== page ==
The excerpt below is a component of the weekly Higher Ed Issues Landscape Report, which analyzes the top conversation trends in higher education for the past week and highlights qualitative and quantitative insights on the topics and universities that drove coverage.
An HTML version of the full report is available through this link
Last week, the Postsecondary Value Commission, managed by the Institute for Higher Education Policy and funded by the Gates Foundation, released a report that has raised questions around the value of a college education. The report found that of the 2,908 institutions included in the dataset, 650 failed to meet even the minimum benchmark of producing sufficient earnings to pay back the cost of a degree. About 25% of private universities and 15% of public universities that were part of the review failed to meet the same mark. While the school-by-school breakdown has not yet been released, the report is expected to elevate ongoing concerns around whether higher education institutions are still a driver of socioeconomic mobility.
By the Numbers:
- Among all 40 topics tracked by Canary, “Cost of Attendance” has remained the second-highest overall in terms of total mention volume over the last six months, trailing only COVID-19
- There have been more than 1.84 million online mentions around the cost of higher education since January 1st, a figure virtually mirroring that of the previous six months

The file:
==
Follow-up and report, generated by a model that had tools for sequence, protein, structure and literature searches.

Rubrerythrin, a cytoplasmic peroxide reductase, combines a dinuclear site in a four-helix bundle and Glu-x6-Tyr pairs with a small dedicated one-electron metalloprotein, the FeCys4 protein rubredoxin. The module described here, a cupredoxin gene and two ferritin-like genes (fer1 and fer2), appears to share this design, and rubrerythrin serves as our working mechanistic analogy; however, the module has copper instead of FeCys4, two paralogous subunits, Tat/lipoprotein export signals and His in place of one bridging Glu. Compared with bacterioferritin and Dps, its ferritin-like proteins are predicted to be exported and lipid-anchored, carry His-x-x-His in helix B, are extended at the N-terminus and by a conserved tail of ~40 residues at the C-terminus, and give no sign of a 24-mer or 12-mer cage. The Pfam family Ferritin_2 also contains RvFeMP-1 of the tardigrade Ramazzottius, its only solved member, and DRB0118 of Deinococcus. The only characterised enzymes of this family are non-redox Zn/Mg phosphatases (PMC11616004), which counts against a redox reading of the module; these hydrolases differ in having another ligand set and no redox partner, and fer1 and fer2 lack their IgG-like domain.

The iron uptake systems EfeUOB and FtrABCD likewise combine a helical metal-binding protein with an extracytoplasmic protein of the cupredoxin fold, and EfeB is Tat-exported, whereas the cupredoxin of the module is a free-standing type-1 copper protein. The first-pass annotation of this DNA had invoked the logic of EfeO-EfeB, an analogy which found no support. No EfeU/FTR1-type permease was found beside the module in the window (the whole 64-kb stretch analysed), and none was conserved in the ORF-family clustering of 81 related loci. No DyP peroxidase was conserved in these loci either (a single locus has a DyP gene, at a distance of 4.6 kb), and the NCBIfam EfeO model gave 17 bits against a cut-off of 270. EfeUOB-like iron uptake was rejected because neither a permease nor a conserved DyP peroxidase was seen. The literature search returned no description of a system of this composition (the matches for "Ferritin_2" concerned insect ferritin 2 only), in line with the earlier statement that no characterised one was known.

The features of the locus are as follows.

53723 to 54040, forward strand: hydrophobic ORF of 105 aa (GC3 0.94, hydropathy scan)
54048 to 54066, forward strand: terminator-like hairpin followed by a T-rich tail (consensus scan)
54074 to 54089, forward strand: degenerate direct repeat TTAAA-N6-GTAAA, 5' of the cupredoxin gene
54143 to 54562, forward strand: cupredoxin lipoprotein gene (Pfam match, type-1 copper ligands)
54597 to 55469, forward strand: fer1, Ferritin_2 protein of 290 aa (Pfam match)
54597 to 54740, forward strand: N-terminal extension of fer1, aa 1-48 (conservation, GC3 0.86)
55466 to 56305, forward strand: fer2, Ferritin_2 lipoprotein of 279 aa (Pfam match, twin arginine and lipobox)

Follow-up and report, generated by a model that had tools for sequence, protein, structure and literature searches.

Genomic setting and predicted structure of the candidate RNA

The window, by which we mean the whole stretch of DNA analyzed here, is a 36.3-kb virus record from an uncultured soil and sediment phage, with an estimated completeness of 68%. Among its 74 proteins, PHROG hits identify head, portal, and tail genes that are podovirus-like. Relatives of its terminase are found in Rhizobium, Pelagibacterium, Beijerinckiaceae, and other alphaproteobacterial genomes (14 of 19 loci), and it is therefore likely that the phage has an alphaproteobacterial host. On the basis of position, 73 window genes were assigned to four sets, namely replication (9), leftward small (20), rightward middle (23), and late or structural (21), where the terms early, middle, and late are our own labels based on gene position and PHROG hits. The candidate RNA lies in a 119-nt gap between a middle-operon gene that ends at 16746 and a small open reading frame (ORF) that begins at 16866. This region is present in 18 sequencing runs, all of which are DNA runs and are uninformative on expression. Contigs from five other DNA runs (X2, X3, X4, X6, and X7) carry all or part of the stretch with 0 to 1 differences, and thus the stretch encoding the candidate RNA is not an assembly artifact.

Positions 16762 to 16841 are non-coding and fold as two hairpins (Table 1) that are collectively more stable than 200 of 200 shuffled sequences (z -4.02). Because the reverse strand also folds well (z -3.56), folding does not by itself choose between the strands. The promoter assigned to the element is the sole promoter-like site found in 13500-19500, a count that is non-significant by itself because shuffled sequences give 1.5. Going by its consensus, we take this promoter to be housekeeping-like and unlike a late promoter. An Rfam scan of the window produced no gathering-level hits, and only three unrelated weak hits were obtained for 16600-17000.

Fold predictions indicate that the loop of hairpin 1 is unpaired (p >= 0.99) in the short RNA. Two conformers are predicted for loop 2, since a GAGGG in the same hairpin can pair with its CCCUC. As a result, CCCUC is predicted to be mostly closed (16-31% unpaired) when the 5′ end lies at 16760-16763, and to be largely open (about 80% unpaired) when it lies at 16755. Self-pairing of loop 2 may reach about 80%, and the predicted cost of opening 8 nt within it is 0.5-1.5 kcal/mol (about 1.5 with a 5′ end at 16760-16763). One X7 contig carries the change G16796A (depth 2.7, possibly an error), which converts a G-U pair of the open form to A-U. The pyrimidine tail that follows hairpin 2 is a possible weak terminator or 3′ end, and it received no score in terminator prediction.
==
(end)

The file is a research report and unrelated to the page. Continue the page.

- There have been over 420K online news mentions around the cost of higher education since the start of 2021
Other Topics We’re Watching: Free Speech
In our April 8th Higher Ed Issues Landscape Report, we analyzed the conversation around “Intellectual Diversity” after Florida legislators proposed a bill requiring public colleges and universities to survey students, faculty, and staff about their beliefs and viewpoints. Now, the same House Bill 233 has been signed into law. The state Board of Education and Board of Governors will now survey these campus members on an annual basis to ascertain “the extent to which competing ideas and perspectives are presented” and determine if individuals feel “free to express beliefs and viewpoints” in the classroom and on campus.
Top Concerns Expressed in Online Conversation:
- How will the “stale ideology,” which these measures are designed to address, be defined?
- Will certain professors be targeted for talking about “controversial” topics?
- Will survey results be skewed by students not being required to accurately complete it?
- How will the anonymity of respondents be protected?